Charitable giving cuts labor costs
Cost containment should focus on labor because subcontractors today are “buried in work” and “not afraid to make generous profit margins,” said Nevin.
One way to slice labor costs: donate the property’s existing fixtures, cabinets, appliances and the like to a charitable organization such as Habitat for Humanity that will remove those components at no cost to the owner.
“That way, when the contractor comes in to do the new work, he has a clean palette and that makes it easier,” he said.
Nevin also recommended tapping contractor services offered by some big-box home stores (for example, Home Depot, Sears and IKEA). He said these companies often perform work on multifamily or commercial projects as well as single-family home remodeling jobs and that they can be very competitively priced.
He also said some contractors might accept less money if they will be paid immediately upon completion of the job. Contractors may need to borrow money to finance their cash flow, so being paid quickly reduces their costs. Using unlicensed contractors for work that doesn’t require licensed skills (for example, painting and carpet installation) can save money too.
Use fixed-price contracts
Essex relies on a modified version of a standard industry contract to protect against cost increases on any job component valued at more than $10,000, Flitsch explained. The contract stipulates a guaranteed price for the work to be performed, rather than a cost-plus arrangement. That way, the contractor bears the risk of price increases.
“If materials prices increase, that’s not our problem,” he said. “The way we contract the work limits our exposure.”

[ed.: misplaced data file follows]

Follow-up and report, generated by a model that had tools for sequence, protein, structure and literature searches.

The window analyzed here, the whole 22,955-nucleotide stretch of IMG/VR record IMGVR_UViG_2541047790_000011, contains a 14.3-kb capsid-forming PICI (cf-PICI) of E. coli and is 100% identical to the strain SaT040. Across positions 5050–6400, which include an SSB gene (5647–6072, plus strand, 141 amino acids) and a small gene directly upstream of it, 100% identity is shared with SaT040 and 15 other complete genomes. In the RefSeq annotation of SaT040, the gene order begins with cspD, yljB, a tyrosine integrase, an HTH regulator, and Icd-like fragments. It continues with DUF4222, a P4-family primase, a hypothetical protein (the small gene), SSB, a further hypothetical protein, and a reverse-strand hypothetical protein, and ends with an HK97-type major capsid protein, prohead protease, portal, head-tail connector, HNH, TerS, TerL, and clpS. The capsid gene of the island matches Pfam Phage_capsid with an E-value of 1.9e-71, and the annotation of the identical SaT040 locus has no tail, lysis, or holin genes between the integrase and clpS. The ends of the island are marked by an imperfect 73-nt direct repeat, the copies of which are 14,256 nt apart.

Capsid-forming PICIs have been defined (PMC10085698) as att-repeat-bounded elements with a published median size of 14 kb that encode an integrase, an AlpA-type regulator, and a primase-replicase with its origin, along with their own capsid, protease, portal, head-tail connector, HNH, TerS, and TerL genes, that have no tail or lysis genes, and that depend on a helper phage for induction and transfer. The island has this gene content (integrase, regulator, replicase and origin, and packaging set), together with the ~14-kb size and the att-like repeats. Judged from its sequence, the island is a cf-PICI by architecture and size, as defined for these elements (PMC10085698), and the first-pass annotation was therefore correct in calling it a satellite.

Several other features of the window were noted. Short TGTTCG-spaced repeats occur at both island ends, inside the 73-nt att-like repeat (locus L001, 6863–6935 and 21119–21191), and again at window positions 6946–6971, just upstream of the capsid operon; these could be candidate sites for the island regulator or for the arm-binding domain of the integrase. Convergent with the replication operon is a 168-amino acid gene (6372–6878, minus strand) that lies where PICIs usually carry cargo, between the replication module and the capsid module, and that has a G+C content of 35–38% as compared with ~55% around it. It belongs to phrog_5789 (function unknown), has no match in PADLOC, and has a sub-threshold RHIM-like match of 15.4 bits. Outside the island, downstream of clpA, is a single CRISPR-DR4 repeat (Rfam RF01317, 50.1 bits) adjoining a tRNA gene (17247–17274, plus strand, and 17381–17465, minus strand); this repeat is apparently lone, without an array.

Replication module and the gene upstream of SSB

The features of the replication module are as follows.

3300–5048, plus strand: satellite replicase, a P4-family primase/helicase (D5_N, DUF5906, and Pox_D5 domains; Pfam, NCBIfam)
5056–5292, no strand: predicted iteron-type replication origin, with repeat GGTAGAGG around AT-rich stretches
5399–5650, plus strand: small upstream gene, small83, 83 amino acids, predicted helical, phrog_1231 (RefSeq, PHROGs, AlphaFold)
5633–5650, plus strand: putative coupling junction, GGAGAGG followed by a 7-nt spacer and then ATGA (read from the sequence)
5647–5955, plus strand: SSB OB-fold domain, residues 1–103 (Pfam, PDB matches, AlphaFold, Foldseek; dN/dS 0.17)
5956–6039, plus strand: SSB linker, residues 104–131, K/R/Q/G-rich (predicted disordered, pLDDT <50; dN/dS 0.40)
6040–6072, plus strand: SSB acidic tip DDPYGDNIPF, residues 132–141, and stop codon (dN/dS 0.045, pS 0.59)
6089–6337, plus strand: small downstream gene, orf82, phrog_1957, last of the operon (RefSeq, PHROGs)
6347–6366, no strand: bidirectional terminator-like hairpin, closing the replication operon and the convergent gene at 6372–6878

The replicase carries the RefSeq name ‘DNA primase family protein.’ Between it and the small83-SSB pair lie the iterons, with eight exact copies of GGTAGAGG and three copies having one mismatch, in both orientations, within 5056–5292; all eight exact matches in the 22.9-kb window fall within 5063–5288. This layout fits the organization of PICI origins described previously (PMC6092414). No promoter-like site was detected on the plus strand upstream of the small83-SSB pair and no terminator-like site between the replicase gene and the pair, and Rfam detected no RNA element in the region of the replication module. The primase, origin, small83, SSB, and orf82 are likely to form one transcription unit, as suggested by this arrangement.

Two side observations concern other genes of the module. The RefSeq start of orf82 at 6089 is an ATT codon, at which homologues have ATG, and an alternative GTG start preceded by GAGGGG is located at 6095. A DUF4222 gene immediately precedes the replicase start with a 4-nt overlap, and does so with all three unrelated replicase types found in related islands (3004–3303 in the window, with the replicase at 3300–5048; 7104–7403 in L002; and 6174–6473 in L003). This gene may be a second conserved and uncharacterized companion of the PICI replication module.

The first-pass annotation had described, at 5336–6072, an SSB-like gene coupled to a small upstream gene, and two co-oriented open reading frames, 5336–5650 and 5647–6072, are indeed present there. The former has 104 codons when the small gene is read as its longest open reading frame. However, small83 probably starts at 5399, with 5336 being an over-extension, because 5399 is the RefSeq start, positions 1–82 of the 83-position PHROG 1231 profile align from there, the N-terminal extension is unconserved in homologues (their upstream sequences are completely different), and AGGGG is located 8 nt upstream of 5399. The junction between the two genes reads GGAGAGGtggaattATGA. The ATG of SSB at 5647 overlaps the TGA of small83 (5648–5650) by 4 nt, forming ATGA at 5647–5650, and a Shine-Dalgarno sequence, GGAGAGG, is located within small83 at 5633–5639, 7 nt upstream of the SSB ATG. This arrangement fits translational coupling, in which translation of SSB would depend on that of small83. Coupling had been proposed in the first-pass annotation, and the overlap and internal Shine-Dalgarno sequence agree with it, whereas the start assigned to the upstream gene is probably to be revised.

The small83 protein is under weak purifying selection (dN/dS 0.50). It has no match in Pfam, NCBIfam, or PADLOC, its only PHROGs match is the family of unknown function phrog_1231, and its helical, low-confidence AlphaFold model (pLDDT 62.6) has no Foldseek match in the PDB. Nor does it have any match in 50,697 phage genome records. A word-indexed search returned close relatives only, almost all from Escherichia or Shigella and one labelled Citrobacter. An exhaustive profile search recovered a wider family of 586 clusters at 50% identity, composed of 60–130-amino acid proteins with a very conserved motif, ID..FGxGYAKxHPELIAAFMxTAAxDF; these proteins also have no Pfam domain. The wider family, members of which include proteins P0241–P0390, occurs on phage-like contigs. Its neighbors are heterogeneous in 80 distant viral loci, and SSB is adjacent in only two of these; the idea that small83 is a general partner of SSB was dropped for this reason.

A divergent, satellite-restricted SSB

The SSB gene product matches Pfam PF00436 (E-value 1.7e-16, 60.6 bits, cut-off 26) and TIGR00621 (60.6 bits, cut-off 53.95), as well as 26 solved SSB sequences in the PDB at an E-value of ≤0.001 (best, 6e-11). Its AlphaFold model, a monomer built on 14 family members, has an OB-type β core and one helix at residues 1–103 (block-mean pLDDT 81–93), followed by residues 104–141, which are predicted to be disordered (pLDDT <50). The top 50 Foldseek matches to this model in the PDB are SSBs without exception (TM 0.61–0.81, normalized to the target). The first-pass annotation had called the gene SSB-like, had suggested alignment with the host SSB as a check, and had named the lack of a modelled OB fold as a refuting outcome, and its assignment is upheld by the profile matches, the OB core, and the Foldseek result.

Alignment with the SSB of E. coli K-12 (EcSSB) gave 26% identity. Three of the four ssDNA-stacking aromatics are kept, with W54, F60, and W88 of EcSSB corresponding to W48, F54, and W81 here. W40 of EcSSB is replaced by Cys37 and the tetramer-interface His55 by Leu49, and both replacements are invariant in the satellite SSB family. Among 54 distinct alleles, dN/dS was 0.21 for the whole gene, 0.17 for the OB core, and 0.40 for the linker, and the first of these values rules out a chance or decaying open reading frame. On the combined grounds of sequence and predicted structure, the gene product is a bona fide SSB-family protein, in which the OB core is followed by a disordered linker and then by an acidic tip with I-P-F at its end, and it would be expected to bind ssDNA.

If the contractor can’t accept the risk, materials can be pre-purchased to lock in the price ahead of time, he added. Essex used that strategy to cope with fast-rising steel costs on a $13.3 million rehab of the interior hallways, elevators and leasing office at a 715-unit apartment property in Newport Beach, Calif. The construction budget contained a 10% contingency, but steel prices jumped 25% during the planning phase of the project, so two orders were placed in advance. The nine-month project was completed on time in April 2005, despite the wettest winter on record in Orange County, and on budget with barely a dent in the contingency funds, Flitsch said.
Fixed-price contracts can eliminate exposure to price increases, but Haefner said they aren’t always the least expensive option because contractors will “build some buffers” into fixed prices to make sure they don’t lose money on the job. Owners who are comfortable with the risk might want to accept a cost-plus arrangement that’s cheaper than a fixed-price contract.
Incentives reward contractor savings
Another cost control strategy is to pay the contractor an incentive to stay under budget. Haefner said Lane has offered such an incentive to the general contractor on a 264-unit condominium conversion in Myrtle Beach, S.C. The $5 million project is expected to wrap up several thousand dollars below budget on construction costs. The contractor will receive a bonus of 25% of the savings.